house or home

The thought of owning my own home is exciting...and similarly terrifying. 

Do you own your own home?

My friends who do tell me it's kind of stressful. I'm not so much worried about that. I can  handle stress. I do not like it, but I can handle it.

I suppose what worries me about it is this: What comes after the house?

Let me re-phrase the question: What does God expect from Hubby and I after we move into a home of our own?

I know, I know. He expects ALL of me. EVERY DAY. That's a no brainer. I'm not always sure of what that looks like as I'm stumbling through my days, checking off my list of never-ending tasks, but I do know that's what He requires. But what- specifically- does He expect from this new opportunity to serve Him? It makes me a little (a lot) nervous. With a home of our own, Hubby and I can invite strangers in and make a place for them. We can do that in an apartment, too, but we don't have to have permission. And in a city full of strangers- a city full of people who need in many different ways- what will we be required to do with our four walls? 

Will we welcome what comes next? Or will we fight it because it's not exactly what we expected?

A change I'm grateful for- though not always happy about- is the fact that my Father has made me fully, uncomfortably aware of my surroundings. I see someone on the side of the road, holding a cardboard sign, and my first reaction is not to turn away. It is to invite, to give, to ask what they need. If a friend asks for my advice, I search my heart for what the Spirit would have me say. I try not to knee-jerk into douchebaggery at the frustrations of my workplace, or the efforts I make that are sometimes lost on others. But these things are nothing special. They are simple "if-then" statements that reflect only a portion of my majorly tattered heart. And this tattered heart wants people to see Jesus.

So...let's go back to the question of "if-then" and pose the question again: If Hubby and I do- in fact- successfully purchase a house, then what will we do with it?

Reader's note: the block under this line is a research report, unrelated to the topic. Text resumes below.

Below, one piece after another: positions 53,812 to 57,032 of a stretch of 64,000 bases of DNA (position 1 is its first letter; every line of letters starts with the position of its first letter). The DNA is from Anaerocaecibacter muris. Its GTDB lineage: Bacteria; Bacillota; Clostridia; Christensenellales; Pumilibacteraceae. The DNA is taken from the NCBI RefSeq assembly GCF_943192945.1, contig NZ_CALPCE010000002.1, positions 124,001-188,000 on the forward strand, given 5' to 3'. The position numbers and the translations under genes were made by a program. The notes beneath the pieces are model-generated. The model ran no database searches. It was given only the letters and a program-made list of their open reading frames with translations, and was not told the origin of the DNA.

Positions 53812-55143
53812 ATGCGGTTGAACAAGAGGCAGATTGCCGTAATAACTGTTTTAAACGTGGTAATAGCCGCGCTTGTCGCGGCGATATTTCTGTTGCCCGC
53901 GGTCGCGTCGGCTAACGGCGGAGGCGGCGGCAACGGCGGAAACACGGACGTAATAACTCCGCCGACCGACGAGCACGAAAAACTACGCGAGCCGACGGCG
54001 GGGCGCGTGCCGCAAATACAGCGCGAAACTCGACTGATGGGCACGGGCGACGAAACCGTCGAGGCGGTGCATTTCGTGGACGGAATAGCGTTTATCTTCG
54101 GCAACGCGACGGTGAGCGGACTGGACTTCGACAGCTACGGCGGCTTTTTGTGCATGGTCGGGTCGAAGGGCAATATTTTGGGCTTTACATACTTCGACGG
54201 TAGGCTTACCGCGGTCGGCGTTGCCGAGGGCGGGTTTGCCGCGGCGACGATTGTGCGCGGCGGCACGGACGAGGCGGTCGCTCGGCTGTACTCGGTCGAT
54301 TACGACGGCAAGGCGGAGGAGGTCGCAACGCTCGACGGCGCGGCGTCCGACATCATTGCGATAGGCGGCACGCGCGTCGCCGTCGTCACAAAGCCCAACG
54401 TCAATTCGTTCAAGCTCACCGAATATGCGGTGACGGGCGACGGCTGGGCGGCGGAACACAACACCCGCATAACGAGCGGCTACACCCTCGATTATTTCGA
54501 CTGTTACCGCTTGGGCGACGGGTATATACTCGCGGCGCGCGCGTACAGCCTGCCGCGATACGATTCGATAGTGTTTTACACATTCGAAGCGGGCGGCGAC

Let me tell you a story.

When I was little (and not so little) the bedroom I shared with my big sister had window boxes on top of the window. They sort of acted like shelves. And sometimes I would put a flashlight up there, turn off my bedroom lights, and stand in the glow of a singular bulb. I would imagine all the great and fantastic adventures my life would encompass...and I would be the center of attention in every one of them.

I was no more narcissistic than your average eleven (um, twenty) year old. I had wants. I had the confidence to achieve them. I thought my life had a grand purpose outside of cloned, suburban houses, 9-5 jobs, and (eck!) SUVs. This is certainly a dream to some- and good for them if they achieve what their hearts desire- but, to me, it is a virtual nightmare. I want absolutely nothing to do with sub-divisions that have names like Meadow Heights or Willow Bend or cars that drink up half my paycheck or yards with store-bought trees. I'm really no more of an "independent" thinker in this feeling than the thousands of other people who long to buck tradition. Besides, I like tradition. I like comfort. I just like my own version of tradition. I like my own version of comfort.

Which, recently, has come to look nothing like what our world calls comfortable.

And, that, my dear friends, is why buying a house is so gosh-darn amazingly scary. Somehow, the thought of owning something- a lot of land and the house that sits on it- so permanently makes me wonder if the act of buying it means I've caved. I've given in. I've settled for one place. And, somehow, this makes me afraid I'll never do all the things I once dreamed of doing. It makes me wonder what God will require of me in this new stage of life. 

And, most of all, it makes me wonder: Will I do it with a glad heart?

Will I live next door to a house that's virtually falling apart in a neighborhood that's otherwise full of adorable renovations? Will I share what I have? Will I turn away from the peeling paint and dirty front yard and hide away in my adorable brick bungalow? Will I see this home as a place to serve rather than settle?

Will I, despite living in one of the cutest old neighborhoods in Atlanta, feel trapped by four walls? Or will I be freed to serve in ways I never imagined as I stood beneath that flashlight bulb?

My heart makes a little leap as I write that last line...because that's really what I want for me and Hubby. I want us to be joyful for the opportunity to have a home that's seventy years old and still hip instead of thinking that we're settling down. There is no such thing when you're willing to go and do as God commands. He might rip us out of that cute little house in two years simply because we are needed elsewhere. And you know what? I'm so down for that. I guess I'm just afraid He'll ask us to stay. I'm afraid His plans for us will never be somewhere other than Atlanta. And if I succumb to these fears, I will have become no different than the person who longs for an easy life that never challenges, never provokes, never stirs. 

So we've made an offer on a house. And I'm ready now. I'm ready for whatever God requires of me.

(Just don't make me move to the suburbs. Please!)


Bubbles said...

That is just the kind of house I like, picket fence and all! Love it. Good luck to you and I hope that you can build many wonderful memories here

My name is Wendi! said...

Thank you! I love it, too, especially since it looks small town but is still in the city.